Prokofiev Peter and the Wolf; Cinderella

Author: 
Edward Greenfield

Prokofiev Peter and the Wolf; Cinderella

  • Peter and the Wolf
  • Cinderella Suite No. 1, Introduction
  • Cinderella Suite No. 1, Quarrel
  • Cinderella Suite No. 3, Pavane
  • Cinderella Suite No. 3, Cinderella and the Prince
  • Cinderella Suite No. 3, Three Oranges
  • Cinderella Suite No. 3, Dance of Seduction
  • Cinderella Suite No. 3, Orientalia
  • Cinderella Suite No. 3, Amoroso
  • (The) Young Person's Guide to the Orchestra
  • Gloriana, The Courtly Dances
  • Peter and the Wolf

These two new versions of Peter and the Wolf have in common outstandingly full and brilliant recorded sound and uncommonly winning narrations. Otherwise they hardly come into competition, so different are they. The very difference of timing between them; some two minutes which in half an hour is a sizeable discrepancy, brings out the basic contrast. Madame Line Prokofiev, the composer's first wife, now in her late eighties, gives a disarmingly grandmotherly account of the narration, making it dramatic and full of colour, but inevitably taking her time. That matches Jarvi's view of the score, which is much more freely expressive, as well as generally slower than Previn's. He is very persuasive, and draws beautiful playing from the Scottish National Orchestra, but marginally I prefer Previn's much fresher, lighter, more sharply rhythmic manner, which has more of childlike fantasy in it. At the end his procession swaggers even more joyously than Jarvi's. As for Previn's narration, it is masterly, so natural in its direct communication with a child of any age, that he makes most rivals sound self-conscious. Yet the detailed pointing is delightful too, tipping the wink in humour on such lines as ''What kind of a bird are you! and ''... from the middle of the pond'', and making the whole story vividly alive. His timing is so exactly matched to the performance, that the arrival of the wolf is far more sinister than with Jarvi (partly a question of the Scottish horns being too sharply defined at the start) and the chase is even more exciting. With fine consideration for a child-listener, the line ''with one gulp swallowed her'', keeps a touch of avuncular kindness behind the horror, most delicately done.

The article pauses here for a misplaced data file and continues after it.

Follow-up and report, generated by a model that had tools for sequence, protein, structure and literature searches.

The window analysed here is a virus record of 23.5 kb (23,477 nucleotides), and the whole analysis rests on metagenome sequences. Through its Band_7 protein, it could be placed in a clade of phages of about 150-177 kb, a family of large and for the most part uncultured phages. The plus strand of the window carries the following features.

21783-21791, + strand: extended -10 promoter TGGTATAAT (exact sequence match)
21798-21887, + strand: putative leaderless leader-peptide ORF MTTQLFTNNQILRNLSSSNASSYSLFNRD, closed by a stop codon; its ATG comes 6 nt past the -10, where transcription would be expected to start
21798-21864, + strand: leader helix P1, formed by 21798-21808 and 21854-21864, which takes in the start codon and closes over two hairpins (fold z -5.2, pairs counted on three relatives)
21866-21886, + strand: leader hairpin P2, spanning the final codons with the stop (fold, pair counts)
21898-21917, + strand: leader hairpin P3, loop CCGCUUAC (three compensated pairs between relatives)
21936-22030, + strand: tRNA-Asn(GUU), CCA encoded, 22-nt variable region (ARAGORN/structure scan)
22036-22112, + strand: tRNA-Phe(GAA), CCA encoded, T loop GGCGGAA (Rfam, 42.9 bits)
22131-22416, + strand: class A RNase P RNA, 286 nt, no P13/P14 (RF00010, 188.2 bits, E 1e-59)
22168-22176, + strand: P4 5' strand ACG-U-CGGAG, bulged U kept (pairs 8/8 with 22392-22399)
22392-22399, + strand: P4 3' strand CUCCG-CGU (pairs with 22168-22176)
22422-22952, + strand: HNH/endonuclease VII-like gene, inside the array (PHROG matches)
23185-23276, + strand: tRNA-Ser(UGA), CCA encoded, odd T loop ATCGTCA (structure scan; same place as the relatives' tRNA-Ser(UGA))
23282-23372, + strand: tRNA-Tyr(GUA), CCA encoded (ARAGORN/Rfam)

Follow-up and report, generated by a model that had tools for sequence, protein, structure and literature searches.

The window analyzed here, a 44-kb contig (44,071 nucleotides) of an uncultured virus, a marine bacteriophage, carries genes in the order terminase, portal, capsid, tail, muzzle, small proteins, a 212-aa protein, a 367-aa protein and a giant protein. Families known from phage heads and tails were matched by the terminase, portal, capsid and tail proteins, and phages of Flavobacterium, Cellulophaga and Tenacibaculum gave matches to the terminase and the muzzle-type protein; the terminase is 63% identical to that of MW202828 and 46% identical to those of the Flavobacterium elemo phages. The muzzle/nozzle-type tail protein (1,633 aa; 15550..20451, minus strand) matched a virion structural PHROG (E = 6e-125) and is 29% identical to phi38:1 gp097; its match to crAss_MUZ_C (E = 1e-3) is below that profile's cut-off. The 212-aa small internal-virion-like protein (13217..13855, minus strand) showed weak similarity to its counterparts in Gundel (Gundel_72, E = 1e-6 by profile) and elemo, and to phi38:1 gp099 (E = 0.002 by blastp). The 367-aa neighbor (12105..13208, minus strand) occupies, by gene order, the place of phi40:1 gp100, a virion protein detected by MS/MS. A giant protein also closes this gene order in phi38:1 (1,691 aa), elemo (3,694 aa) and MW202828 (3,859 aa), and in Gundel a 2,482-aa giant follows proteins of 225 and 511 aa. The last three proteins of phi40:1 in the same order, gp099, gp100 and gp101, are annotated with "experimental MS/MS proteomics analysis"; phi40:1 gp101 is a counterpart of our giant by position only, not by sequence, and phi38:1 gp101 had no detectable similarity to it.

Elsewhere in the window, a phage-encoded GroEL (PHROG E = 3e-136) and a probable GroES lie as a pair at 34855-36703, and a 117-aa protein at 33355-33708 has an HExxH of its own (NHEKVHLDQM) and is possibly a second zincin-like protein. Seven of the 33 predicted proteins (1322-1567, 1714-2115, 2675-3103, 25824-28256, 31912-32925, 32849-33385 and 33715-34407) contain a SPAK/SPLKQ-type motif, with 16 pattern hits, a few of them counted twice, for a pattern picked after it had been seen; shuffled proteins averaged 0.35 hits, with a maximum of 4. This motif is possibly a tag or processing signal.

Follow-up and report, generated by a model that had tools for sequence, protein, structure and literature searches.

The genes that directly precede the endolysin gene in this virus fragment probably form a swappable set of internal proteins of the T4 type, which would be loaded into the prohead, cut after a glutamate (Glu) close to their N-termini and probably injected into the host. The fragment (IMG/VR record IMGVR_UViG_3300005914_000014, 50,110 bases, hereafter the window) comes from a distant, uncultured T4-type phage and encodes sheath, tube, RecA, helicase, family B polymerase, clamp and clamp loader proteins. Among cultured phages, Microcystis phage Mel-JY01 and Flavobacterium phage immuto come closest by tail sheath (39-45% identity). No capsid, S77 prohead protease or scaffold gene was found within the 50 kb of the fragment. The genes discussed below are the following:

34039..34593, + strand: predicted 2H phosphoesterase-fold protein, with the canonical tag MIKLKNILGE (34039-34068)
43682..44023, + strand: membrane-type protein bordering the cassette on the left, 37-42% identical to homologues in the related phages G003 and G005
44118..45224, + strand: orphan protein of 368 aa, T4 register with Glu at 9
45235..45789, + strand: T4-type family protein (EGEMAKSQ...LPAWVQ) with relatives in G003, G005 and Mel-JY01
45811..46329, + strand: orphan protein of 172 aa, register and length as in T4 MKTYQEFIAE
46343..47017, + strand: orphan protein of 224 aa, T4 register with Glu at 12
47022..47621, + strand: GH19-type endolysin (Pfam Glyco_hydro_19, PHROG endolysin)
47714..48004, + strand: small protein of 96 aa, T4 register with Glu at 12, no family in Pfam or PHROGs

Madame Prokofiev—with her tangy mixture of accent, best-described as Franco-Russian—has many memorable lines too. She is particularly fine, snarling the word ''wolf'' for the first time, and like Previn she conveys no self-consciousness, addressing a child-listener straight, with no adult patronising at all. Though interpretatively the two versions are so radically different, choice might be left to preference of coupling. Jarvi's reading of a compilation of eight movements from the two Cinderella Suites (''Introduction''; ''Quarrel''; ''Pavane''; ''Cinderella and the Prince''; ''Three Oranges''; ''Southern Countries''; ''Orientalia and Amoroso'') is even more warmly persuasive than Peter and the Wolf, bringing out the sensuousness of much of this music. As in earlier records in the SNO/Jarvi Prokofiev series, the playing is rich and brilliant.
As on his earlier EMI version of Peter and the Wolf with Mia Farrow as narrator (ASD2935, 12/73—nla), Previn has the Britten Young Person's Guide, but where before with the LSO he did a spoken narration, again very much geared to a child-listener discovering things, this time he does the variations straight. The reading is very similar, often markedly slower than the composer's own (Decca CD 417 509-2DH, 1/87), and at times almost too well-behaved, comfortable rather than menacing in the section for the horns (a feeling which Britten's own reading certainly conveys, whatever the score says) and literal rather than dashing in the percussion section with its swinging timpani motif. When the playing is so crisp and the whole ends with a fizzing account of the final fugue, the reservation is small, and the inclusion of the colourful Gloriana Dances, a rarity on record, brings flair back in full measure.
The Telarc recording for Previn and the Chandos for Jarvi are both very vivid indeed, both with rich, full instrumental sound set firmly within helpfully reverberant acoustics, only occasionally less than ideally clear. Unlike many other versions, both of these have the narrations well-balanced against the orchestra, not distracting you with a different studio acoustic. The Telarc CD has only four tracks, which will make it easy for a child to operate, but indexing is generous with 19 points marked for The Young Person's Guide alone and seven for the Prokofiev, plus a separate band for the introduction.'

Gramophone Subscriptions

From£67/year

Gramophone Print

Gramophone Print

no Digital Edition
no Digital Archive
no Reviews Database
no Events & Offers
From£67/year
Subscribe
From£67/year

Gramophone Reviews

Gramophone Reviews

no Print Edition
no Digital Edition
no Digital Archive
no Events & Offers
From£67/year
Subscribe
From£67/year

Gramophone Digital Edition

Gramophone Digital Edition

no Print Edition
no Reviews Database
no Events & Offers
From£67/year
Subscribe

If you are a library, university or other organisation that would be interested in an institutional subscription to Gramophone please click here for further information.

© MA Business and Leisure Ltd. 2018